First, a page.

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Saudi crown prince crazy, says US senator

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Washington: US senators say they are more certain than ever after a private CIA briefing that the Saudi crown prince had a role in the murder of a journalist.

In a blistering attack, Senator Lindsey Graham said he had “high confidence” Mohammed bin Salman was complicit in the killing of Jamal Khashoggi, BBC reported.

The South Carolina Republican described the Saudi royal as “a wrecking ball”, “crazy” and “dangerous”.

The Saudis have charged 11 people but deny the crown prince was involved.

Members of the Senate’s Committee on Foreign Relations did not mince words after the briefing by CIA Director Gina Haspel on Tuesday.

“There is not a smoking gun – there is a smoking saw,” Graham said, referring to Khashoggi’s alleged dismemberment in the Saudi consulate in Istanbul in October.

The senator said he could not support Saudi Arabia’s involvement in the war in Yemen or arms sales to the Saudi government as long as the crown prince remained in power.

Senator Bob Menendez, a New Jersey Democrat, echoed those views.

He said the US must “send a clear and unequivocal message that such actions are not acceptable in the world’s stage”.

Another senator, Bob Corker, told reporters, using the crown prince’s initials: “I have zero question on my mind that the crown prince MBS ordered the killing.”
The Tennessee Republican added: “If he was in front of a jury, he would be convicted in 30 minutes. Guilty.”

Corker suggested that US President Donald Trump had condoned the murder of a journalist by refusing to condemn the Saudi crown prince.

Fellow Republican Senator Richard Shelby of Alabama said: “Now the question is, how do you separate the Saudi crown prince and his group from the nation?”

The Senate is planning to vote on a proposal to end US military support to the Saudi-led coalition fighting in Yemen, after members of both parties advanced the resolution last week.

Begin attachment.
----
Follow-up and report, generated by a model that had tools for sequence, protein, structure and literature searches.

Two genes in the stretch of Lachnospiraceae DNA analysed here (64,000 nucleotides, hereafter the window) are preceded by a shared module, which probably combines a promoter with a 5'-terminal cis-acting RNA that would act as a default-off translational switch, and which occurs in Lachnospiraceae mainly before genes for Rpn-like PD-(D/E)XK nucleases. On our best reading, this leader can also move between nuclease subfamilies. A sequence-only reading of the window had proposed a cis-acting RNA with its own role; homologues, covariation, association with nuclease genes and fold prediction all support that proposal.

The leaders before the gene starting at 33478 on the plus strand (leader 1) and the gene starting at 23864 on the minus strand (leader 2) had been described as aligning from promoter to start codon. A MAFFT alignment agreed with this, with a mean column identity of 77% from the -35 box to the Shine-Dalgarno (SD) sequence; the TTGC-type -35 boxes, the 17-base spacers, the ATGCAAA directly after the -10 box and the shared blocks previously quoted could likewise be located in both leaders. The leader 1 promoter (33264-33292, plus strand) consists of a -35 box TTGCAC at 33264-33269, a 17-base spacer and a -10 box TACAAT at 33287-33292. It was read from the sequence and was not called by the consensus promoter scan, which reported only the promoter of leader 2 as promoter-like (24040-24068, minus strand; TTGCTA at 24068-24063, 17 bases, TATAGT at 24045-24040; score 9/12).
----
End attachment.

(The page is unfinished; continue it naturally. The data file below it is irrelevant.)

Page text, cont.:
Senator Chris Murphy, who was not privy to Tuesday’s briefing, criticised the Trump administration.

“Not everything needs to be secret,” the Connecticut Democrat tweeted.

“If our government knows that Saudi leaders were involved in the murder of a US resident, why shouldn’t the public know this?”

The CIA has concluded Mohammed bin Salman “probably ordered” the killing of Khashoggi.

The spy agency has evidence he exchanged messages with Saud al-Qahtani, who allegedly oversaw the Saudi reporter’s murder.

The CIA director — who has reportedly heard an audio recording of the murder — did not attend a recent congressional briefing by cabinet members, dismaying lawmakers.

The White House denied having a hand in Ms Haspel’s conspicuous absence, and the CIA said no one had told Haspel not to attend.

At last week’s hearing, Secretary of State Mike Pompeo and Defence Secretary James Mattis told senators there was no direct evidence of the crown prince’s involvement in Khashoggi’s death.

Trump has said the CIA findings on the crown prince were not conclusive.

On November 20, he said: “It could very well be that the crown prince had knowledge of this tragic event – maybe he did and maybe he didn’t.”


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China hopes resumption of Sino-India military drills will provide impetus to bilateral ties

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Beijing: China expressed hope that the resumption of military exercises between the Indian and Chinese armies that will begin on Tuesday would inject impetus and yield good results for the improvement of bilateral ties.

An Indian military team headed by Col Puneet Tomar has arrived in China’s southwestern Chengdu city to take part in the ‘Hand-in-Hand’ military drills between the two armies starting there from Tuesday, the Indian Embassy here said.

Officials earlier said both sides would field 100 personnel to take part in the seventh edition of the exercises. The inaugural ceremony would be held on Tuesday and the drills would be concluded on December 23.